In the latter part of the 19th century and the early years of the 20th century the old town of Flatbush developed front a quiet rural community into one of the major residential areas of greater New York.- Among the factors contributing to this were the extraordinary growth of the independent city of Brooklyn, the construction of Prospect Park, the opening of the Brooklyn Bridge, and the improvement of transit facilities linking the rural areas of Kings County with the cities of New York and Brooklyn. Much of the building in Flatbush during this period took the form of freestanding, single-family, frame residences built for the middle class. These houses ranged from the modest scale of those in the Vanderveer Park development, east of Flatbush Avenue, -to the grand mansions of Prospect Park South. Later, two-family frame dwellings, one- and two-family rowhouses, apartment houses, and tenements began to appear as Flatbush became an increasingly popular residential neighborhood.

The Prospect Lefferts Gardens Historic District, located, on the northern boundary of the old village, centers on the only substantial concentration of urbanistic -rowhouses in Flatbush.

Settlement in Flatbush probably began in 1652,2 although farms within the boundaries of the Dutch village known as Midwout or Middlewoods, were probably settled as early as the 1630s by fanners moving north from the settlement of Nieuw Amersfoort. Midwout was one of the six towns of Kings County to be founded while the area was under Dutch rule. The other five were Breuckelen, later Brooklyn, located to the north of Midwout; Boswijk, later Bushwick, to the northeast; Nieuw Amersfoort, later Flatlands, to the south; New Utrecht, to the wast; and Gravesend, an English-speaking settlement, the first in America established by a woman, to the southeast. Hie village of Midwout was founded in response to the Dutch West India Company's request that "the people be induced to establish themselves in the more suitable places with a certain number of inhabitant in the manner of towns, villages and hamlets as the English are in the habit of doing."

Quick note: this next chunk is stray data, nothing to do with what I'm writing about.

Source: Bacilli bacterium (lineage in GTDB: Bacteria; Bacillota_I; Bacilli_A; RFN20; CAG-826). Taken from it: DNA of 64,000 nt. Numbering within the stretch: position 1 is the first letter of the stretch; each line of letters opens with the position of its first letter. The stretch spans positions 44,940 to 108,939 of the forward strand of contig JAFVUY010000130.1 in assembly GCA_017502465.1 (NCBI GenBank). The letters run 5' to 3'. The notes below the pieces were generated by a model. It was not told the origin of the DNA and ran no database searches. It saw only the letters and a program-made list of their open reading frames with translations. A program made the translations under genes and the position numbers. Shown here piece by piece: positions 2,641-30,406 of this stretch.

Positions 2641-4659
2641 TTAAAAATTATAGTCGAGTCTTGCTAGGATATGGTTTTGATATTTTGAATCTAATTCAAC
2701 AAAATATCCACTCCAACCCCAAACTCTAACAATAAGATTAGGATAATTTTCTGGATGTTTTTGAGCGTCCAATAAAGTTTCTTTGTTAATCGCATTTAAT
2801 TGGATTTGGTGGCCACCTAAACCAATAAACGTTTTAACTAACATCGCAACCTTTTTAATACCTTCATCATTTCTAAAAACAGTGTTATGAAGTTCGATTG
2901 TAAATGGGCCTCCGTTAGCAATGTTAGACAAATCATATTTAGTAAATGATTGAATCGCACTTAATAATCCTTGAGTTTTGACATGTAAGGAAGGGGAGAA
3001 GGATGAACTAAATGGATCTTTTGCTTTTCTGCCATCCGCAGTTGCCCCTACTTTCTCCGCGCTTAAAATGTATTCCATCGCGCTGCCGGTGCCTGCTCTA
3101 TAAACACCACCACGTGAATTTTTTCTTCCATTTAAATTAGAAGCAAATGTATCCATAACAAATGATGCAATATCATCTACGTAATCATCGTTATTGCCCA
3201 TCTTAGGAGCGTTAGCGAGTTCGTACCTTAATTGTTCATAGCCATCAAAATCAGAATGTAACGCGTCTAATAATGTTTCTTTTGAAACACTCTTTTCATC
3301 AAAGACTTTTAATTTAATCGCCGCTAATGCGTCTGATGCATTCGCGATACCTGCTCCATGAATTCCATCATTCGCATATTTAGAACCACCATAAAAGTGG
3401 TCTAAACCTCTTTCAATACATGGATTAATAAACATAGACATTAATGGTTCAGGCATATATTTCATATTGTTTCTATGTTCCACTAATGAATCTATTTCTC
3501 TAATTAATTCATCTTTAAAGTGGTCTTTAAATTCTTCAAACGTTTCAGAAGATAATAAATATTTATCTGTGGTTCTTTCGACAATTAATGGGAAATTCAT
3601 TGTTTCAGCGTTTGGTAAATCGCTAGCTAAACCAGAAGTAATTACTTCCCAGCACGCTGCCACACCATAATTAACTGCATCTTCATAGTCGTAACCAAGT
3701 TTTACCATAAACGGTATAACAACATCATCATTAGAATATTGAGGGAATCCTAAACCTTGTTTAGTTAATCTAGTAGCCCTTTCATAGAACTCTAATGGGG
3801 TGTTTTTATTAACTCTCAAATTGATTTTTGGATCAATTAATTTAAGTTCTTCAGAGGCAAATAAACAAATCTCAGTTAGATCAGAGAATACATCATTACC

The farms of Midwout were originally laid out in an erratic manner and were not easily defensible; thus, in 1665 a plan for a new village was accepted by Governor Peter Stuyvesant under the condition that plots be sat aside for a church, a school, a courthouse, arid a tavern. The heroes of the farming families were bu5.lt along what is now Flatbush Avenue with farm plots stretching east and west from the houses in long narrow strips.

The center of the early village was located where Church and Flatbush Avenues now cross, and the first church on western long Island was erected there. Midwout was chosen by Stuyvesant as the site for the Dutch Reformed Church because of its central location among the six settlements. The church was deeded a large plot of land and in 1662 the first church building, a frame cruciform structure, was completed. This building was replaced in 1699 by a larger stone structure that was* in turn, replaced by the present Flatbush Dutch Reformed Church of 1793, built on the foundations of the second church. This handsome Federal style structure was designed by architect Thomas Fardon and is a designated New York City Landmark, The site is -the oldest in New York City in continuous use for a house of worship.

The courthouse that Stuyvesant had requested was erected next to the church, and the first public school was built in 1658 just opposite the church. In 1787 the private Erasmus Hall Academy, the first secondary school chartered by the New YorkState Board of Regents, was founded on Flatbush Avenue just south of the village school, on land donated by the Dutch Reformed Church. Among -the original patrons of the Academy were Alexander Hamilton, Aaron Burr, John Jay, and Robert Livingston, The original Academy building still stands within the courtyard of the present high school and is a designated Landmark.

Due to its central location among the early Dutch towns, Midwout became the marketing, legal, end governmental center for the Dutch settlements of Long Island. In 1654, when the Dutch ceded their holdings in New Netherlands to the English, Midwot was renamed Flatbush: an English translation of the Dutch "Vlaake Bos," a name often given to Midwout. This was one of the few changes that affected the Dutch farmers under English rule. The outlying areas of icings County were left alone by the new rulers, and it was not until well into the 19th century that English became the common language of the town.

During the Revolutionary War the residents of Flatbush chose to remain neutral, but on August 27, 1776, they became involved in the Battle of long Island, The village lay in the line of the northern advance of the British troops under lord Cornwallis and a number of skirmishes occurred in the Flatbush area. Flatbush was oc